So, LOL, y’all—Elin Hilderbrand has a new Paradise trilogy set on St. John, and this is actually the second book in the series. I mistakenly read them out of order! You should start with Winter in Paradise—and I plan to go back and read it. Both books (and the forthcoming one!) tell the story of Irene, an Iowa City woman with two grown children, who’s husband is often away on business. She learns that he was killed in a helicopter crash on St. John, and along with her adult sons, realize that her husband had been living a secret life. She begins to befriend the locals to uncover his secrets and discover a whole new paradise.

Would I recommend it? If you’re looking for an easy beach read, pick this one up—but be sure to read them in order ;].


Elaine Welteroth is the former EIC of Teen Vogue, and she was the youngest to ever helm a title and the first woman of color to do so at Conde Nast. Born to a black mother and a white father, Elaine explores her race, identity, family, career trajectory, and more in this memoir. Admittedly, I didn’t know much about Elaine before I picked this one up—but I so enjoyed it, and unlike some memoirs by similar people, didn’t lean too much into light self help or career advice; this one had real depth.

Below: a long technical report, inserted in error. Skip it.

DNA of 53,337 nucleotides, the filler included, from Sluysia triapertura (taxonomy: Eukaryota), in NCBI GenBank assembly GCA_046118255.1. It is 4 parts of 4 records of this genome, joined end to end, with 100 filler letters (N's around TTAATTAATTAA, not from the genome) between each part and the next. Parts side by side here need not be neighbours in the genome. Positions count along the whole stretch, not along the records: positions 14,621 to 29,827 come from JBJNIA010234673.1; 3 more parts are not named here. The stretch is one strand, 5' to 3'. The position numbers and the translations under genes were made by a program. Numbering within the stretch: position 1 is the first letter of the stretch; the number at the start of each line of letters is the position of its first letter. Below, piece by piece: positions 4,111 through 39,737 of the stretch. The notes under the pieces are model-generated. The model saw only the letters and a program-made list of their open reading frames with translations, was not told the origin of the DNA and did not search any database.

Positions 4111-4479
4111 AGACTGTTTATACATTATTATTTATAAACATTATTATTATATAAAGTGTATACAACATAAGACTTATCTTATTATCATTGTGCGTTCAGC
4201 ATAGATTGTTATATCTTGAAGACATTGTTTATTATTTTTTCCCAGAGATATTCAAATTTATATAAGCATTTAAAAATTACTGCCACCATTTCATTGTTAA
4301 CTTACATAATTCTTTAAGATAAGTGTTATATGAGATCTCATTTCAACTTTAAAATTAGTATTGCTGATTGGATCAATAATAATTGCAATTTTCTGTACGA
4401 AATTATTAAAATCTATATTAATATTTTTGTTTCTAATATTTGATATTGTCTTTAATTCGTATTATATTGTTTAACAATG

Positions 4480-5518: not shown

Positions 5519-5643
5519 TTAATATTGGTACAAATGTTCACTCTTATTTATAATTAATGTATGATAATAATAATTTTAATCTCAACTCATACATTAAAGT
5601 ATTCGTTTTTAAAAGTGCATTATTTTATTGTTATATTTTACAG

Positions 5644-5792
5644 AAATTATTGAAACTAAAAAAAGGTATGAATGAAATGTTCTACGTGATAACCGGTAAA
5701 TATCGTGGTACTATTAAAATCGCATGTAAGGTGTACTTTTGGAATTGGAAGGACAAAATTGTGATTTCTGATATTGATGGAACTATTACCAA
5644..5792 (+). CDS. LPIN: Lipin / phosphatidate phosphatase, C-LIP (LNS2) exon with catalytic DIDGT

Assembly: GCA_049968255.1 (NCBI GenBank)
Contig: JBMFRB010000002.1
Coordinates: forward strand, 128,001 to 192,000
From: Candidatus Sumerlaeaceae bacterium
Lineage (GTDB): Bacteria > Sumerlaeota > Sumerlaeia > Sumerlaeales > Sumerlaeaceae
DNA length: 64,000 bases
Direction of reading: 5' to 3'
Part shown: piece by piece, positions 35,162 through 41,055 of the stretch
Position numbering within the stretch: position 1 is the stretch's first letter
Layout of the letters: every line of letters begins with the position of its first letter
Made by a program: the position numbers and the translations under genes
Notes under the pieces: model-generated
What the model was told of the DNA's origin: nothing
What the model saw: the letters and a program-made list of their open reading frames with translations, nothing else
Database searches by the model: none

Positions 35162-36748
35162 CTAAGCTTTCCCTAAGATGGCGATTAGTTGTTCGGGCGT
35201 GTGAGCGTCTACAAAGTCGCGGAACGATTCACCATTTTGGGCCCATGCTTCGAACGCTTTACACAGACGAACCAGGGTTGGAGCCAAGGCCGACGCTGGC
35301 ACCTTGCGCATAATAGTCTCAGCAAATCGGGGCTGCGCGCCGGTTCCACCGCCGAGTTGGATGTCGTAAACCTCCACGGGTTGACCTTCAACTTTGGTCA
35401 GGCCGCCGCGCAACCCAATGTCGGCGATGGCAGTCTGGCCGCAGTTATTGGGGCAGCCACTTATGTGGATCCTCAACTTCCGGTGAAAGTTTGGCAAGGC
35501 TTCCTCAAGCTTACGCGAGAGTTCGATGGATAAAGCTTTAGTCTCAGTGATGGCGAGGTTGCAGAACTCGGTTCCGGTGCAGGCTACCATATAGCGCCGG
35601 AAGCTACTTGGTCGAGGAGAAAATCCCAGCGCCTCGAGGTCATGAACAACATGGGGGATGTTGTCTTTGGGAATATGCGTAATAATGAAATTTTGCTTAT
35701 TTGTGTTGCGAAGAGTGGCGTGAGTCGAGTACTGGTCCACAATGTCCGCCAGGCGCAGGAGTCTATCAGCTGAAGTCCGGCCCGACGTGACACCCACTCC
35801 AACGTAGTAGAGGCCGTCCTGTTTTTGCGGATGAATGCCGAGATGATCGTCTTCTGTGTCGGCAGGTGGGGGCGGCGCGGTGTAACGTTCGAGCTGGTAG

Would I recommend it? I highly, highly recommend this one to all working women, especially if you’re in the PR/comms/marketing space! This memoir also made me think about my white privilege in a different way than any other book.


Ernt is a POW who returns home after the Vietnam War with a severe case of undiagnosed PTSD. He discovers that his comrade in war left him a homestead in Alaska and makes the impulsive decision to move his wife and teenage daughter, Leni, to “The Great Alone.” At first, Alaska seems to be a great reprieve as they bond with an independent community and work to live off the land. But then winter sets in, and Ernt’s behavior deteriorate—and Leni and her mom begin to realize, over the course of years, in the wild, no one can save you but yourself.

Would I recommend it? This one was sad, but so good—I do think I liked The Nightingale more.